"Boring is always the most risky strategy. Smart business-people realize this, and they work to minimize (but not eliminate) the risk from the process."
Do you try to diminish risk by following along with what others are doing in your industry? Or do you embrace the risk and keep boring at bay?
Designers are now fundamental to marketing
In today's market, the marketing must be built into the design of the product. Godin says that the person with the most influence over the success of a product is the one who joins in when the original ideas are being sown. Marketers and designers have to work together now; they're one and the same.
Godin says, "If you are a marketer who doesn't know how to invent, design, influence, adapt, and ultimately discard products, then you're no longer a marketer. You're deadwood (115)."
As a designer, it's no surprise that I found this interesting. But I found it even more interesting because I've tried and failed with the opposite approach. When I first started my freelance business, I tried to create prints, invitations, planners, etc. and then try to market the products to an audience that I didn't have yet. I didn't realize that the marketing and the designing needed to go hand-in-hand; you can't have one without the other.
Do you put more effort into the design of your product or the marketing? Are you attempting one without the other? How could you combine the two?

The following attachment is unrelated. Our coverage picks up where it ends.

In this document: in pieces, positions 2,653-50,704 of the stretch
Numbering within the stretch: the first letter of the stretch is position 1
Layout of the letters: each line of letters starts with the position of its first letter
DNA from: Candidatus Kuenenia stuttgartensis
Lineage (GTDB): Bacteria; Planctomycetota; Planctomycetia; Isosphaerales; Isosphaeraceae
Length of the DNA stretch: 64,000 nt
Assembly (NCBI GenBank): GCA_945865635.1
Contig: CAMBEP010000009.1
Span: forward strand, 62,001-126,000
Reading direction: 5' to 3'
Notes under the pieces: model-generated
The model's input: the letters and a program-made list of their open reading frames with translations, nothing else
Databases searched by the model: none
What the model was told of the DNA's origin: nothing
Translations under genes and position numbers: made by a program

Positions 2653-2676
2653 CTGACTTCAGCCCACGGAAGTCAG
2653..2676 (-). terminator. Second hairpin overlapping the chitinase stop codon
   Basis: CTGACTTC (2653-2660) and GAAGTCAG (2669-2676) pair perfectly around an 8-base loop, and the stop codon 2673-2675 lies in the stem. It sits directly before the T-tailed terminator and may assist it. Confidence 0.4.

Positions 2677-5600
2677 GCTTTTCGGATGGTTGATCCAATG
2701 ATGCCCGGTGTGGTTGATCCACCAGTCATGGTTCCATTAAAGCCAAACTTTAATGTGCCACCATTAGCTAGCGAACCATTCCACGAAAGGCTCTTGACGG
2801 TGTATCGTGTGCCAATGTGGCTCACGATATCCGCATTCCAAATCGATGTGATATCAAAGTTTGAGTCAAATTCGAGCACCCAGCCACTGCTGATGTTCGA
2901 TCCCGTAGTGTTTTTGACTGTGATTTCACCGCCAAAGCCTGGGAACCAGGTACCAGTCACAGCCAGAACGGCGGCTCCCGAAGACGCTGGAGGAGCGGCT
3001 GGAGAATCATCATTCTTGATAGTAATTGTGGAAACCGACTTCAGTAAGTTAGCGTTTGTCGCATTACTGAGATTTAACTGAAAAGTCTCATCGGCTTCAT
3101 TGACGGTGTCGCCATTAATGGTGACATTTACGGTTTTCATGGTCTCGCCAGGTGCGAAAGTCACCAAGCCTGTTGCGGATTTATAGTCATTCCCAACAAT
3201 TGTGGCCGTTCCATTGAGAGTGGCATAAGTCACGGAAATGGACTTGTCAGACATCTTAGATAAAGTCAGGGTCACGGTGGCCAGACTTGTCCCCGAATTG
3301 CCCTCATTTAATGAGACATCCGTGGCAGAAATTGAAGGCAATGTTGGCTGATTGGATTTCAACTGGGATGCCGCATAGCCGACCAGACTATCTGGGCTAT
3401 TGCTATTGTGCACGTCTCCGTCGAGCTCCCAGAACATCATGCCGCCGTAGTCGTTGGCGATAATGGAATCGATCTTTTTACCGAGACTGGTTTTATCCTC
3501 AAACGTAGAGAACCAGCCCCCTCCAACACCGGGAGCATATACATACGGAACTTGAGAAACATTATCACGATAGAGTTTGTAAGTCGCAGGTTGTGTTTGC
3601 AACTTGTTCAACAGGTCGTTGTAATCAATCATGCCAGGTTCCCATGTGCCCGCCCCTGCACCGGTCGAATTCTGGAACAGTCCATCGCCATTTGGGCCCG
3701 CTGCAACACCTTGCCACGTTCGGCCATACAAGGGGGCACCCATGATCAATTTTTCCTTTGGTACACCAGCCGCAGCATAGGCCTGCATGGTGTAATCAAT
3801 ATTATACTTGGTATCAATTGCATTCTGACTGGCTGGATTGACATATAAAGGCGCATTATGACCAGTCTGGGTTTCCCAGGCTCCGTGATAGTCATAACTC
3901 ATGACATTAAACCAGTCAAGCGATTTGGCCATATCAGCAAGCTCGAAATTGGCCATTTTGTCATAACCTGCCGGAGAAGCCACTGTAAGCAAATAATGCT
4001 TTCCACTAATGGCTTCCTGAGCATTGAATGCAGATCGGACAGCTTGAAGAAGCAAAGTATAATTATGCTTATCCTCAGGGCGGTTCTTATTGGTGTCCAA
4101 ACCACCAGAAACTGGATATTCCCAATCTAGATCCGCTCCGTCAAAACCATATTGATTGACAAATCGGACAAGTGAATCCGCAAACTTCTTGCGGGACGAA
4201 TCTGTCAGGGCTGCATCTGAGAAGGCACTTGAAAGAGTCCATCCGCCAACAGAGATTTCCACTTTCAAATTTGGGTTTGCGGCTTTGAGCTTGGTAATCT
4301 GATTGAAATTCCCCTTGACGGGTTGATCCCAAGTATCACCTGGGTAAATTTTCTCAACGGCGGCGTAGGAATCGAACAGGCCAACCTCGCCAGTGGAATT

I really enjoyed Purple Cow, and it caused me to think differently about marketing my business. It was a little scattered at times with examples and content, but it was chocked full of helpful insights and information. I would highly recommend it to those who haven't read it yet (or if you aren't a big reader, you can watch a pretty great summary of it by Godin himself here).
Next month's selection
Give and Take by Adam Grant
I randomly came across Adam Grant talking about this book on TV, and I knew I needed to check it out. In Give and Take, Grant argues against the age-old saying that “the nice guy always finishes last” and focuses on the correlation between success and a business’s approach to interacting with others. The Amazon review gives it a strong recommendation: “Give and Take highlights what effective networking, collaboration, influence, negotiation, and leadership skills have in common. This landmark book opens up an approach to success that has the power to transform not just individuals and groups, but entire organizations and communities.”